The limitations of the current study lie in the heterogeneity of the patient population and the tumor types and locations. The seven patients are from different types of dog breeds which means a large variability in the genetic factors and possibly differences in the capabilities of the immune system. There were also histological differences between tumors in the patient population. The tumor sizes were also very diverse, with the smallest being 0.5 cm3 and the largest 5.0 cm3. Another limitation is the transition from in vitro models that were used to develop the statistical approach for cell survival. Namely, the first proposal to use the Peleg-Fermi model was based on in vitro studies of cell killing with up to 10 pulses.31 A more recent study concluded that the mathematical description used in this model is accurate, however, using a larger number of pulses resulted in substantially different parameters of the model.33 This model has also been used to evaluate cell death of normal brain tissue,45 but not yet for brain tumors. The parameters of the Peleg-Fermi model found in this study can therefore be considered to be based on in vivo data and glioma-specific, but additional experiments need to be performed to determine if the tumor grade at treatment has an effect on the model parameters. It is likely that specific parameters of the cell death model may need to be found for each different tumor histological type. Another limitation is that the current model does not take into account the action of the immune system, therefore it could lead to using overly aggressive pulse protocols when attempting to ensure 99.99% cell death in the entire radiologically confirmed tumor volume.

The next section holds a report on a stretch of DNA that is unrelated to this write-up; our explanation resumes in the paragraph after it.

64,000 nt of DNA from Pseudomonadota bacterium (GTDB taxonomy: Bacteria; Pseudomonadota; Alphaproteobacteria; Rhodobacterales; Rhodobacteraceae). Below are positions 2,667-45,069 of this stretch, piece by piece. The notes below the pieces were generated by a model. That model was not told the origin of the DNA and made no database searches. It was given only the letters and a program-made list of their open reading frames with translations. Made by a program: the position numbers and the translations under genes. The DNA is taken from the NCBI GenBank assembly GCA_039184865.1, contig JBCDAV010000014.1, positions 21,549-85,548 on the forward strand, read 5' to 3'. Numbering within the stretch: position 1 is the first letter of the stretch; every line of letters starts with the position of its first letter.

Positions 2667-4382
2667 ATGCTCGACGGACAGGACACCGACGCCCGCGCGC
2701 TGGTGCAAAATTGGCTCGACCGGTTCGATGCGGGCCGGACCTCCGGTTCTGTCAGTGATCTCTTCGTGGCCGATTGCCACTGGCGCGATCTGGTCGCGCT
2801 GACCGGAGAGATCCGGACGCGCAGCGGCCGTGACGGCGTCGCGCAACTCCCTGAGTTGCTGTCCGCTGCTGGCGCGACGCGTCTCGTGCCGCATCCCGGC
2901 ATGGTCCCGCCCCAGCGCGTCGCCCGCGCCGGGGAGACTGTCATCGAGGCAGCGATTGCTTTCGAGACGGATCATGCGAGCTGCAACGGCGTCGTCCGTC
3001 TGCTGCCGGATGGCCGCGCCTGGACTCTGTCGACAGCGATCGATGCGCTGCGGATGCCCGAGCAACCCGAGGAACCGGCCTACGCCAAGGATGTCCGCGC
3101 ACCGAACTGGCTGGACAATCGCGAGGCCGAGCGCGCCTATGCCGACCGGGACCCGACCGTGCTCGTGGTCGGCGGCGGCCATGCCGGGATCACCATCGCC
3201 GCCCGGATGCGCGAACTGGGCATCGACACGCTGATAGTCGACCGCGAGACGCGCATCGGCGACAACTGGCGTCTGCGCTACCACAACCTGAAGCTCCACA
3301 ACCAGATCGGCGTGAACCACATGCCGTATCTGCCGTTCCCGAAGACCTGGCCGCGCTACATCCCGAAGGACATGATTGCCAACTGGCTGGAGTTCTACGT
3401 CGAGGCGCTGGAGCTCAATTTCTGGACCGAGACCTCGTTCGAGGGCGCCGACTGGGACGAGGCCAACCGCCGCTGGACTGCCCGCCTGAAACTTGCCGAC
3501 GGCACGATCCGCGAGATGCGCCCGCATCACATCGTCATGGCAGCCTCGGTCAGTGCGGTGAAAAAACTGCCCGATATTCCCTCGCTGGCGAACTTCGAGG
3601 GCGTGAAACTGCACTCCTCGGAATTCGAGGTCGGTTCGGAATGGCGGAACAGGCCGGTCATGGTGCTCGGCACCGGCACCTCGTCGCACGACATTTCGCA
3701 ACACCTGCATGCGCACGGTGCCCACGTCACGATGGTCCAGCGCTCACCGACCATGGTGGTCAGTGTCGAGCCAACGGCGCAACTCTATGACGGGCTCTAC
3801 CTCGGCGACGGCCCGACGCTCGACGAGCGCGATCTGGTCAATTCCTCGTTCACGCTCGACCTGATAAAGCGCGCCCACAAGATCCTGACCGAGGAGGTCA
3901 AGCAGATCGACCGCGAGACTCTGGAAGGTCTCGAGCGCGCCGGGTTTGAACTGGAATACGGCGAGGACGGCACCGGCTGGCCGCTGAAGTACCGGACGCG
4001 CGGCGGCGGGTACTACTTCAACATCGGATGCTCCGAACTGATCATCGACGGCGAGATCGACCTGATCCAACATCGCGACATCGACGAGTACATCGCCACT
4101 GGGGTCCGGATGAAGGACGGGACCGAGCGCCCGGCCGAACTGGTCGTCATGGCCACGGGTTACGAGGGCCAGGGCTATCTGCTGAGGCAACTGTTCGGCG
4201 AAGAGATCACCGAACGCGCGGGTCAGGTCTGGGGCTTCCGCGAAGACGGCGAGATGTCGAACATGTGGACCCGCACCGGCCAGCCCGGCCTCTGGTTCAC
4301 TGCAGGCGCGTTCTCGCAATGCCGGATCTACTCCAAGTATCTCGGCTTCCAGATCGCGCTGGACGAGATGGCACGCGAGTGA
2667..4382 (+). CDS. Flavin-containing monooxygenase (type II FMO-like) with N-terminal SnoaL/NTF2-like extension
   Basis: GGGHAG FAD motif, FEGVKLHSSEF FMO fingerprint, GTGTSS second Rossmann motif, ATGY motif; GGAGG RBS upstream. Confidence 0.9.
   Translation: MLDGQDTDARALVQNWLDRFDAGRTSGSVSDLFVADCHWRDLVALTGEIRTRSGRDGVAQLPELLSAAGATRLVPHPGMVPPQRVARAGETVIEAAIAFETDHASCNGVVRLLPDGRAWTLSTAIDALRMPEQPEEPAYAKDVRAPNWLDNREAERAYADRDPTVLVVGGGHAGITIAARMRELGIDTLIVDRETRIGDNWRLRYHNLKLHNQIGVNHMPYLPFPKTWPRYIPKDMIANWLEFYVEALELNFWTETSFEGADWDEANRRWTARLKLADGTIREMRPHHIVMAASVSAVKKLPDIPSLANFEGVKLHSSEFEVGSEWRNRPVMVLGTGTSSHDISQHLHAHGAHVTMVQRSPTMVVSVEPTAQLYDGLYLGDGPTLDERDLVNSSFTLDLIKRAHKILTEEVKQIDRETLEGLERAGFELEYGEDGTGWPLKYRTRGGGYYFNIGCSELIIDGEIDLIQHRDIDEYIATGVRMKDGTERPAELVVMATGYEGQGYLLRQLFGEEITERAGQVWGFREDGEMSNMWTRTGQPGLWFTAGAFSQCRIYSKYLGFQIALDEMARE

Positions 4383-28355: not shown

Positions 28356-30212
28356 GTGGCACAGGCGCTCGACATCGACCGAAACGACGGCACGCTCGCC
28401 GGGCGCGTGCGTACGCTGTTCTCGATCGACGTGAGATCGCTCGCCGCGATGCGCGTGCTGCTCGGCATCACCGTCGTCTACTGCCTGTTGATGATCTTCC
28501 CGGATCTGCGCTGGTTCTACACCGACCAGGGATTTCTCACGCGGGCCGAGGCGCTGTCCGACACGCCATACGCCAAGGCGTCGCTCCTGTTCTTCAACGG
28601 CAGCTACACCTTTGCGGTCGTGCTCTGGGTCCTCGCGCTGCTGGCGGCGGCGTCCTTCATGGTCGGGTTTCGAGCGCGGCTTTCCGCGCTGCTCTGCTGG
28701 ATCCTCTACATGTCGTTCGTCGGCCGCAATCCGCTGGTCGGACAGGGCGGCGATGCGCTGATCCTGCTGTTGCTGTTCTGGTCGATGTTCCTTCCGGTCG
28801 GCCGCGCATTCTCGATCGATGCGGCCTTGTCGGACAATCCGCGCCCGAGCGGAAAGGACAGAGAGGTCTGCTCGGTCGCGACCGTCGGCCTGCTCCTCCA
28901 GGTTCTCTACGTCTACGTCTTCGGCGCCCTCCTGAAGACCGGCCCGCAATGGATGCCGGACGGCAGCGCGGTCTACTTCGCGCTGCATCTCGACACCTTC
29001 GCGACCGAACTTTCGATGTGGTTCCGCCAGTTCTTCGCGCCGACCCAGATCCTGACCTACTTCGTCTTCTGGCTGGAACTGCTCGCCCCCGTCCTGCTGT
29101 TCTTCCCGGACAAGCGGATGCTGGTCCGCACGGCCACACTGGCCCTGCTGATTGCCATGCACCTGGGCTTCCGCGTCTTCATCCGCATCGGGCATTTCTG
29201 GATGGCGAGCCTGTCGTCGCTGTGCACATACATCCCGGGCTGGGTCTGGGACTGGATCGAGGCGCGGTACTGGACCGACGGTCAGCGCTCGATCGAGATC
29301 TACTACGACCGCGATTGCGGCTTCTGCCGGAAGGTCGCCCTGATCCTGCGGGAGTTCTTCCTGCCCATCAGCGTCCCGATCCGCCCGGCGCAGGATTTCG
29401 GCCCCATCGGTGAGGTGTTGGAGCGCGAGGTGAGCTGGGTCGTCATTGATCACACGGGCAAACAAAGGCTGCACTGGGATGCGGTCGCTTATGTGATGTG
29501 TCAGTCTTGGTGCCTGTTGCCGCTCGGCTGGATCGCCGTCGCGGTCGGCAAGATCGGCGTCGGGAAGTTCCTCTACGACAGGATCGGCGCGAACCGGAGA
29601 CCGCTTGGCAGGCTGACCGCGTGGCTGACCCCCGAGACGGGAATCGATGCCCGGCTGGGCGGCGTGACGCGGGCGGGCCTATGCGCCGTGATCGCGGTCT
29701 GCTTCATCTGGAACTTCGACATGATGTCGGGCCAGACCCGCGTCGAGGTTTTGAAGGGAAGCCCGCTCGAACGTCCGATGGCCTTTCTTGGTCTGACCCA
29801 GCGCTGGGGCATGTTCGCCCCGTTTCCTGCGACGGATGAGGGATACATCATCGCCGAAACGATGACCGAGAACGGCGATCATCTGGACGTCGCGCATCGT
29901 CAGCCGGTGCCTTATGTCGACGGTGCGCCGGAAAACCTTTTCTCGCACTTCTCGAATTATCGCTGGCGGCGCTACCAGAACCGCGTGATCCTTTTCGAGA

The clinical implementation of the presented study will be possible in the near future. The required steps would be additional studies for determination of the safety of such a treatment in human patients with malignant glioma. A treatment planning framework similar to the approach used in radiotherapy is already in development (Visifield.com), but was used in this study only for segmentation of the brain and tumor tissue for patients 1 and 2. Initially, treatment planning has been envisioned as being performed in advance of the treatment, i.e., at least a day or up to a week before. This can be performed on contemporary personal workstation computer, since the determination of the electric field between one pair of electrodes takes approximately 3 min. In order to perform treatment planning during the treatment itself – based on actual realized positioning of the electrodes, the time of computation however would need to be reduced considerably. With image fusion with intraoperative imaging, this kind of approach may also allow for inclusion of tissue deformations due to electrode insertion, which were not considered in this study. In the case of treatment of brain tumors, careful positioning of the electrodes and planning of the clinical target volume is critical. The feasibility of using numerical treatment planning for brain tumors has been studied previously25 and validated in this study using real clinical cases and confirmed using radiological evaluation post-treatment. The treatment planning approach and optimization of the cases has been developed previously21, 58 and is extended in the current study using statistical modeling of the treatment outcome. The coupling of such a treatment planning approach with existing solutions for optical navigation has also been demonstrated.22, 59 Therefore, each step in the treatment workflow has been developed. The translation into the clinic would therefore only require the combination of the already developed steps into a finalized multidisciplinary approach. Before implementation into clinical practice, it is still necessary to obtain regulatory approval, since any kind of treatment planning tool for delivery of energy has to be considered as a medical device.